2) Within the container of the body, the soul or consciousness experienced life at the outer limit of where it came to rest during the casting out of the Evil One.

3) The spirit—containing both the body and consciousness—extended from that point, all the way back to the Holy One at the far end of the spectrum. In this way, the spirit became like a bridge that spanned a range of creation’s spectrum.

The Great Turning-Away

Prior to being cast out, the Evil One and his angels came between the Holy One and his most cherished creation—humans. The Unfaithful (Marotru) began their assault from this position, and when they were expelled, humans and their environment ended up at the far end of the spectrum, opposite from the Holy One. It was a casualty of war that placed humans as far as possible from their creator, with enemies in between.

With humankind now vulnerable, the Evil One sought to exploit this weakness. Though unable to reach them physically, he devised a way to free his consciousness from the limits of his body. Traveling along the bridge of his spirit, he could see the spirits of all other creatures stretching back to the Holy One—pathways into other physical existences. But the spirits of the humans were not viable paths to follow; the souls who lived at the other end of those spirits were independent wills, too strong to be overpowered. Instead, the Evil One chose the wisest of all creatures lower than humans, one with the capacity for speech and just barely capable of containing his consciousness. Using this creature’s spirit as if it were a road, he traveled to the end of the spectrum and overpowered its will, stealing its physical existence for his own. This was the first instance of possession.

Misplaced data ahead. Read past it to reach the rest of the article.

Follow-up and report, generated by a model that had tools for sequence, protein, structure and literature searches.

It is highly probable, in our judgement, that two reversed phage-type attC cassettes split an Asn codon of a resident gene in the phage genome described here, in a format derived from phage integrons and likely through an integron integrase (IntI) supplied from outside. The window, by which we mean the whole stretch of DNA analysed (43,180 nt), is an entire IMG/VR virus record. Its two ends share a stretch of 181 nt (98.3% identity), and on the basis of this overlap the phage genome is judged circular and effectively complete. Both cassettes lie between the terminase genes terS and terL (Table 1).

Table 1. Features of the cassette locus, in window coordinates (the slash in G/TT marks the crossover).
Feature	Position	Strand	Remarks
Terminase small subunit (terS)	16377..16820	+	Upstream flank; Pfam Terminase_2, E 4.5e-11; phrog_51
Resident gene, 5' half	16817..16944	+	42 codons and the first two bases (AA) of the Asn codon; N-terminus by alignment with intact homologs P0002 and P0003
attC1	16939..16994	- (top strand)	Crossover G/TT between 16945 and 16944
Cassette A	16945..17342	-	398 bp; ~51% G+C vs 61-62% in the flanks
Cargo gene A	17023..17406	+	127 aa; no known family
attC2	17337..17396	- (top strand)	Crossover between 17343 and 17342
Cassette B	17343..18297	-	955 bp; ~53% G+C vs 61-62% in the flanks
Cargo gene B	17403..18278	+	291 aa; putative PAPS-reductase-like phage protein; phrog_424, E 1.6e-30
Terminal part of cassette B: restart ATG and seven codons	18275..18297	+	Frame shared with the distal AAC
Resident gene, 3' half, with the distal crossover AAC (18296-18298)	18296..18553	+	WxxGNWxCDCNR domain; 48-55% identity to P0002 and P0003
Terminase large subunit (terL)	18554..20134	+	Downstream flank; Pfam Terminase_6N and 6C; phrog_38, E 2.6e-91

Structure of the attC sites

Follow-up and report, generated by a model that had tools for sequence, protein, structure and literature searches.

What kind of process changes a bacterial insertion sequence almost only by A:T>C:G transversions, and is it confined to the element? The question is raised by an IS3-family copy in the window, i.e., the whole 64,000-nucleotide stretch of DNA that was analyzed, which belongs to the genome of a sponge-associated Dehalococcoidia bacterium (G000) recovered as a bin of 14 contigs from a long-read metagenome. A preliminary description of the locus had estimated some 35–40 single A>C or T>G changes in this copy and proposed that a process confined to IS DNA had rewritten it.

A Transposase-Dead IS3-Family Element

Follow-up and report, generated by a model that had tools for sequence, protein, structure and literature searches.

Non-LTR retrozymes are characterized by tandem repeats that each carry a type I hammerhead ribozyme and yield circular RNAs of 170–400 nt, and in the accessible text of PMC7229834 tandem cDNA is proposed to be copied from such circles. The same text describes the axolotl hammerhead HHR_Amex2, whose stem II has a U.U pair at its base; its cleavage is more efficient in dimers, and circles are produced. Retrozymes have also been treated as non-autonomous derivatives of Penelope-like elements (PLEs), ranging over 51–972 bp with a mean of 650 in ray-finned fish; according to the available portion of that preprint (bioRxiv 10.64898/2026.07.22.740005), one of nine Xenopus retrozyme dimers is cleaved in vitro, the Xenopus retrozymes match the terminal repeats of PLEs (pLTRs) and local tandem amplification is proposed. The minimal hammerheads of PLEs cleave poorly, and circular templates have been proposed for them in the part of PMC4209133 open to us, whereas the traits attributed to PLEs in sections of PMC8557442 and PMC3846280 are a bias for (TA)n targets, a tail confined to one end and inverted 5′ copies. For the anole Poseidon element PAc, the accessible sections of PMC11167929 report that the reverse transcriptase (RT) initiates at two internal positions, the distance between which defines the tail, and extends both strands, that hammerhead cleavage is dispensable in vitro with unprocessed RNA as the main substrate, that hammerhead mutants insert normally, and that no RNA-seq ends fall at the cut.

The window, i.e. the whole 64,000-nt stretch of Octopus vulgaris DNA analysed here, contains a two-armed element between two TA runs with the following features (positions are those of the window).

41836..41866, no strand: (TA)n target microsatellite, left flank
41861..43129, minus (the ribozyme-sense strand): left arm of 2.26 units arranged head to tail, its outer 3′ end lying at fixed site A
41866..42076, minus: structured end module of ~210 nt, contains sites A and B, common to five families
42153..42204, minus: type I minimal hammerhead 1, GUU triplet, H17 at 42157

From one end of the spectrum to the other, only two created objects remained constant—common threads woven through each layer of existence. Two massive trees, one dark and the other light, were entwined with one another, embodying the fullness of creation in concentrated forms.

The Evil One deceived the first humans into eating fruit from the dark tree. When they did what had been forbidden, the effectiveness of the Evil One’s strategy was revealed. The humans, as well as their environment, began separating from the rest of the spectrum.

Death had entered into creation, and like a festering wound, the sickness began to spread. As this new realm drifted from the presence of the Holy One and His life-giving Spirit, its eternal nature drained away until all that was left was a place of temporary existence. On both sides of the wound (The Void), the spectrum bore the signs of a violent separation.

On the Eternal side, the environment had lost much of its form and structure. Unlike the rest of the spectrum, the Borderland, as it became known, was a place of lights and shadows, of lingering sounds and echoes.

In contrast, the Temporal realm retained all of its form and structure but had lost most of the radiance of eternity. What little was left clung to it like a desperate child. From that moment on the Temporal realm was but a dull reflection of what it had once been.

With the first humans cut off from the rest of the spectrum, and dying as a result, the Evil One proceeded to wage war against the Holy One and his angels, and the next stage of history was born.

The Reshaping

As the angelic forces of the Holy One fought against the demonic armies of the Evil One, the Borderlands became a theater of war. Territories developed like a patchwork quilt, places of light and life bordering areas of death and desolation.